Read more at There’s Research on That (here and here)

The U.S. midterm elections are upon us this week, and everyone is trying to get out the vote. This is important, since voter turnout in this country is relatively low, but we also have to remember that there are institutional reasons why turnout is low in some areas that have nothing to do with voters’ motivation. Commentators often talk about gerrymandering and voter suppression policies, but what do these look like in practice, and what kind of impact do they have? Social science research can show us.

Gerrymandering occurs when legislators redraw voting districts in order to concentrate their electoral dominance. Political sociologists have shown that full voting rights are not as guaranteed in the United States as in many other major democracies, especially for low-income voters and communities of color in the electoral process. For example, partisan gerrymandering reduced access to communication between ward residents, local nonprofits, and their political representatives in Chicago. There is also evidence it changed voters’ choices in Georgia.

Bureaucratic policies can also enforce voter suppression by making it harder for people to register and to vote. After the 2010 midterm elections, there was a wave of laws that seemed to bolster voting requirements, such as new ID laws and proof of residence. And while strengthening voter requirements may seem benign at first, these rules restrict access to people who are less likely to have identification and proof of residence — people of color, the elderly, and the poor. In essence, such laws make it harder for only some people to vote. Research suggests that Republican leadership and legislatures are more likely to push for these laws.

Policies like these show why it is especially important to stay connected with the politics and to help others to vote where you can. Regardless of your personal preferences, we have a collective responsibility to defend the democratic process for everyone.

Amber Joy Powell is a PhD student in sociology at the University of Minnesota. Her current research interests include punishment, sexual violence and the intersections among race, gender, age, and sexuality. Her work examines how state institutions construct youth victimization.

Neeraj Rajasekar is a PhD candidate in sociology at the University of Minnesota interested in the intersections of “diversity” discourses, racial factors, and cultural ideologies.

Caity Curry is a PhD student in sociology at the University of Minnesota. Her research interests include the sociology of punishment and social control, especially the causes and consequences of mass incarceration and mass supervision.

Photo Credit: Wikimedia Commons

This year marks the 200th anniversary of the publication of Frankenstein. Written by a teenage Mary Shelley on a dare, this classic example of science fiction and horror explores the ethics of scientific discovery. In the story, Victor Frankenstein brings a corpse (or, many pieces of corpses sewn together) to life. Instead of continuing to study his creation, he runs away leaving it alone and defenseless. At first, the creature attempts to befriend the people he meets, but they are so offended by this specimen that they chase him away. Lonely, the creature vows to take revenge on his creator by killing Victor’s loved ones. Eventually, both the scientist and the experiment are left alone with their misery, floating off on icebergs.

Photo Credit: Wikimedia Commons

Frankenstein was based on real science at the time—Galvanism—when scholars and showmen were animating dead bodies with small electric shocks. Shelley saw some of these demonstrations and, after a few rainy night’s in Byron’s castle, penned the novel. Against this bleak backdrop, Shelley asks us to consider who is responsible for the devastation in her story? Is it the creature, a mere experiment, who caused such destruction? Is it the scientist who never took responsibility for his own work? Or, could it be the people, those who shunned the scientific anomaly because they didn’t like what they saw? What happens when other people make a monster out of your work?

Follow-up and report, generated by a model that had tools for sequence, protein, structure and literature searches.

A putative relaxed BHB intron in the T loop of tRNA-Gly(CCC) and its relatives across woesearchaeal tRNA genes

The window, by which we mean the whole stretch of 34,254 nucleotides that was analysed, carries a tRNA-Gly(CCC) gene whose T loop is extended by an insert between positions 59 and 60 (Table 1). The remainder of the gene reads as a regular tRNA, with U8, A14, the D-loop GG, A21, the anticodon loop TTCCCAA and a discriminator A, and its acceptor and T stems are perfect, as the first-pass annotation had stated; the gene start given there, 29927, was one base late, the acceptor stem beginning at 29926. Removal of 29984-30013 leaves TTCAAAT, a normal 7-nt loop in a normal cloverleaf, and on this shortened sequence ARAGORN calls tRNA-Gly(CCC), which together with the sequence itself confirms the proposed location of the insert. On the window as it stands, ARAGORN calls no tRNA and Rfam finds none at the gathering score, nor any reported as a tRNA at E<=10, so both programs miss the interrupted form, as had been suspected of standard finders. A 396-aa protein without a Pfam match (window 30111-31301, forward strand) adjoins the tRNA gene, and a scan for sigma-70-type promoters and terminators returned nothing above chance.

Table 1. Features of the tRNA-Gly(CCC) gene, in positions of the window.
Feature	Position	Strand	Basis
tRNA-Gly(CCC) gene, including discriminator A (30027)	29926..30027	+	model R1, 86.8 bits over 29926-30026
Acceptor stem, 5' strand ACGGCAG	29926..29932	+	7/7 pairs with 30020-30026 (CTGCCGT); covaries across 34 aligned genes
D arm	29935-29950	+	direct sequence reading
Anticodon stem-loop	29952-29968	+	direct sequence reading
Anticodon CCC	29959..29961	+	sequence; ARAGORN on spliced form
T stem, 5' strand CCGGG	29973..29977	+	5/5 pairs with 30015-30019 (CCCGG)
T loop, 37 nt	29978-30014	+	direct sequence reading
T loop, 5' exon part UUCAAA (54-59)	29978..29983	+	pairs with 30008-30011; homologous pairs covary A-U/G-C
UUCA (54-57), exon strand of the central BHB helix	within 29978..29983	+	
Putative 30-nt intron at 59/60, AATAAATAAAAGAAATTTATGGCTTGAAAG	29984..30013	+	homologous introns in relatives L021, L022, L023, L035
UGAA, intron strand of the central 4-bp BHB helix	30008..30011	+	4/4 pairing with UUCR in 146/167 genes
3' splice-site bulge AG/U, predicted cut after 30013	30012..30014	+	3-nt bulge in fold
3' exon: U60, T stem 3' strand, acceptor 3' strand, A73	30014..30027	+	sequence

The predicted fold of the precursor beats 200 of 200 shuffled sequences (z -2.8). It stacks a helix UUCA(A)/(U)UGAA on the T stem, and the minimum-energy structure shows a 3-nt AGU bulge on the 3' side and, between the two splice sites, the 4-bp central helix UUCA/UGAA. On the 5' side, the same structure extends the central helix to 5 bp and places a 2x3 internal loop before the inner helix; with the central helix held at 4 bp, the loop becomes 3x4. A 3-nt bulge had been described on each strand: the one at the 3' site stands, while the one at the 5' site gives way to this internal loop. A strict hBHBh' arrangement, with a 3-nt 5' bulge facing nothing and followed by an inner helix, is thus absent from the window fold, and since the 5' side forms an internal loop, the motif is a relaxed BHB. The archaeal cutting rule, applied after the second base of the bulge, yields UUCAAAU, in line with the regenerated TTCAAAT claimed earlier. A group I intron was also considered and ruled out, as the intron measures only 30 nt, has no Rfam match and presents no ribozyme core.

We are still wrestling with these questions today as we debate gender and genetics. A recent article from Amy Harmon in The New York Times reports on communities willfully misinterpreting recent research in social science and genetics to support white supremacist views. At the same time, the department of Health and Human Services is considering establishing a formal definition of gender grounded in “scientific evidence” that could curtail civil rights protections for transgender and nonbinary people—despite the fact that biological research doesn’t support this binary view.

The scariest part of these stories isn’t just that science is taken in bad faith, it is also the confusion about who is responsible for correcting these problems. From Harmon’s article:

Many geneticists at the top of their field say they do not have the ability to communicate to a general audience on such a complicated and fraught topic. Some suggest journalists might take up the task. Several declined to speak on the record for this article.

Social science research shows that trust in scientific evidence isn’t just a matter of knowing the facts or getting them right. Trust in science requires cultural work to achieve and maintain, and political views, prior beliefs, and personal identities can all shape what kinds of evidence people accept and reject. While the media plays a big role in this work, experts also have to consider who gets to control the narrative about their findings.

The bicentennial of Frankenstein asks us to consider, this hallow’s eve, the responsibility we carry as researchers, as interpreters of research, and as those who lead people to research. It is our guidepost and our warning call. This is why we (a science educator and a sociologist) both think science education and public engagement from experts is so important. If practitioners back away from the public sphere, or if they don’t intervene when people misinterpret their work, there is a risk of letting other social and political forces make them into Victor Frankensteins. What do you think? Do experts just need to stick to the science and leave their results to everyone else? Or, do scientists need to start worrying more about their PR?